The “Global Marine Technology Trends 2030” report launched today recognising that the future is becoming increasingly focused on automation.
Speaking at London International Shipping Week, Luis Benito, global maritime marketing director at Lloyd’s Register said, “The marine world in 2030 will be more connected, bringing close integration between people, software, and hardware in a way that could transform the way we interact.”
By 2030 the fastest and most radical impacts are likely to be felt in the development of naval ships and systems where maritime autonomous systems are driving the biggest revolution in maritime security in over a century.
“We know technology is changing our world and there is a great deal of overlap between technologies and how they combine,” said Benito.
Compiled by Lloyd’s Register, QinetiQ and the University of Southampton, the report examines the transformative impact of 18 technologies in ship design, naval power and on the use of ocean space, aiming to help marine stakeholders understand the long-term challenges that come with technological changes.
It identifies two groups of technology drivers – those that will transform the ship design and build space – leading to advancement in ship building, propulsion and powering and the development of smart ships; and the technologies that drive safety, commercial and operational performance – advanced materials, big data analytics, communications, sensors and robotics.
The report presents ‘Technomax’ scenarios for bulk carriers, tankers, containerships and gas carriers, which give of the potential maximum technology uptake relevant to the four ship market sectors.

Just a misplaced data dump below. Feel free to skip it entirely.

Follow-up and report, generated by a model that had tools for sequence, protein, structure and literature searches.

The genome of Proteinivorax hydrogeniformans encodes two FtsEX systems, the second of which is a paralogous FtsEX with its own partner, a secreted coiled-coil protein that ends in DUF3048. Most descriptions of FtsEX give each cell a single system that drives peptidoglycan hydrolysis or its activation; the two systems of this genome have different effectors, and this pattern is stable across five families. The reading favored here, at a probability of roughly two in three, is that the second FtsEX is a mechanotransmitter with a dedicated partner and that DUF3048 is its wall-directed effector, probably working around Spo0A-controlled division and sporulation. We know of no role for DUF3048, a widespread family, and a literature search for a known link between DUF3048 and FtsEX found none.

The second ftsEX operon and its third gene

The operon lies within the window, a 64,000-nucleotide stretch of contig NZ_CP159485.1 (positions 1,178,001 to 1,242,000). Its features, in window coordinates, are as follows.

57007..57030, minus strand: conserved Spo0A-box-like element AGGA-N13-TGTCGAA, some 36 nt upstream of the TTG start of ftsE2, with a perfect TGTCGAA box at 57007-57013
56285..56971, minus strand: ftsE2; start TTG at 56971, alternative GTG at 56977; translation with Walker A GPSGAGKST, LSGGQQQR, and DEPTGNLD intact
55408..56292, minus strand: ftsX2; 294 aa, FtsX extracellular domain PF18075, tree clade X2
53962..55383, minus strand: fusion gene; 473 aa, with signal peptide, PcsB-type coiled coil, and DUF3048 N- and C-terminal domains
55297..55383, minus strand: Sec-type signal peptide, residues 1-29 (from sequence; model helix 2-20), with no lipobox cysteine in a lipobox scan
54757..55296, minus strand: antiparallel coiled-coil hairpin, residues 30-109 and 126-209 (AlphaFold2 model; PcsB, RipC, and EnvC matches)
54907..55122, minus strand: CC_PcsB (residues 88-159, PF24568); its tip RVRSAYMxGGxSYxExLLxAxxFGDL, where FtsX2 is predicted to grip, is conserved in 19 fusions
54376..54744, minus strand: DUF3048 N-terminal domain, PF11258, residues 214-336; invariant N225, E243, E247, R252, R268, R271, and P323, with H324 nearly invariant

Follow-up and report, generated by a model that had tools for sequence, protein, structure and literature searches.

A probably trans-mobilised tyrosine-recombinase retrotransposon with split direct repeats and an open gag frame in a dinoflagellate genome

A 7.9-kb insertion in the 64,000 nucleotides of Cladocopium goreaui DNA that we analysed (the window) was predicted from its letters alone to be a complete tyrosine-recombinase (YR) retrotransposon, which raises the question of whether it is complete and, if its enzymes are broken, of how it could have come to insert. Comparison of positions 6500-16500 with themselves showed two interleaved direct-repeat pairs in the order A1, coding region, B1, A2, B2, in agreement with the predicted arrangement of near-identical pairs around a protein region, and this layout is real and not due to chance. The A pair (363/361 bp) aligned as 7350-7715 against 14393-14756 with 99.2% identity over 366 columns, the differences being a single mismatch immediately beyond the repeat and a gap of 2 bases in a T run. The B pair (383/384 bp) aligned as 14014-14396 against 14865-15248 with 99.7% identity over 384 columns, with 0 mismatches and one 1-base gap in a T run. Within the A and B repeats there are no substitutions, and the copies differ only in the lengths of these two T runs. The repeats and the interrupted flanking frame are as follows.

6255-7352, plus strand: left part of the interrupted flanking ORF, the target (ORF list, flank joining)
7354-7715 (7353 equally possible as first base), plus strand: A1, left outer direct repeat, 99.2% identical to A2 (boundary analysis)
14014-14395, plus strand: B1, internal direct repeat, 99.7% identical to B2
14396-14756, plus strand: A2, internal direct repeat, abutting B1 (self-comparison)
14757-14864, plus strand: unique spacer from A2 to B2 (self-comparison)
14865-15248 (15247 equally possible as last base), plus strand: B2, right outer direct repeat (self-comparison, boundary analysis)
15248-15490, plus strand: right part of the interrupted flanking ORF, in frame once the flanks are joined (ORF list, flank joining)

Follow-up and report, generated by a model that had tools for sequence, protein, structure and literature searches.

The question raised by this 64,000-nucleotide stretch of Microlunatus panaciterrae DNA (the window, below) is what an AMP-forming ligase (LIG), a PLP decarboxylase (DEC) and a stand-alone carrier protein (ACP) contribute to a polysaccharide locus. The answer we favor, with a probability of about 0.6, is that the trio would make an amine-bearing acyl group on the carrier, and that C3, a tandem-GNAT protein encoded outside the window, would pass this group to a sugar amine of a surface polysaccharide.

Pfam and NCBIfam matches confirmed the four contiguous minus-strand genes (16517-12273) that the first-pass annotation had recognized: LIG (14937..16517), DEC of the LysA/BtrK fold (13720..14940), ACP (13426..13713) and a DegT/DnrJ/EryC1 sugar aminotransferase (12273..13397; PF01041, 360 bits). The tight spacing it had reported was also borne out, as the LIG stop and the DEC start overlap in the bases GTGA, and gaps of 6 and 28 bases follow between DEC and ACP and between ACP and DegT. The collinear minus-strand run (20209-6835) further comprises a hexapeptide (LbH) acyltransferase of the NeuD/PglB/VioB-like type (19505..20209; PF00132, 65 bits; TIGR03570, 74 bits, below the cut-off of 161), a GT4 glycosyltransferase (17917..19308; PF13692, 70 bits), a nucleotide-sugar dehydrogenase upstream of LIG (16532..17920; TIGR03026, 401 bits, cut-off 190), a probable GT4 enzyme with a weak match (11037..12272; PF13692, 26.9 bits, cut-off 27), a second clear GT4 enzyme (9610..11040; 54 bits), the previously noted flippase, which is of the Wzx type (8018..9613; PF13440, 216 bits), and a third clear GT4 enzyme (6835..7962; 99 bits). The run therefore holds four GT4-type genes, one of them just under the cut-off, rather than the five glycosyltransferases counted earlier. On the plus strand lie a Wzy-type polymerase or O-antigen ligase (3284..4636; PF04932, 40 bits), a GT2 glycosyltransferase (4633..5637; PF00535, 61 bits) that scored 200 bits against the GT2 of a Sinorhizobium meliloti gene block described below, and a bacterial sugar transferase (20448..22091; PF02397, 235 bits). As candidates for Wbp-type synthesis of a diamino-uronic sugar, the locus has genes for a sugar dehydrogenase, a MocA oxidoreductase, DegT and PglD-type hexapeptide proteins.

Professor Ajit Shenoi, director at Southampton Marine and Maritime Institute said, “Understanding the world’s oceans is more essential now than ever to secure the future of our planet.”
On energy transformation, Shenoi said that the need to minimise dependence on oil and gas and increase the focus on renewables is increasingly possible. “We can create sustainable energy generation. The ocean has an abundance of waves, currents, tides and we have the sun,” we need to make use of that,” he told IHS Maritime.
“If we can capture it in a sustainable way and use for example water to generate hydrogen and use it as a fuel, which when burns produces water again, it is energy we can use in a sustainable way in the future,” he said.
Deep ocean minerals will also be increasingly used. “This is something we see being tapped into more and more. “Minerals are currently expensive to harvest, but we will start to see new technology to handle this cost effectively,” he said.
This post was sourced from IHS Maritime 360: View the original article here.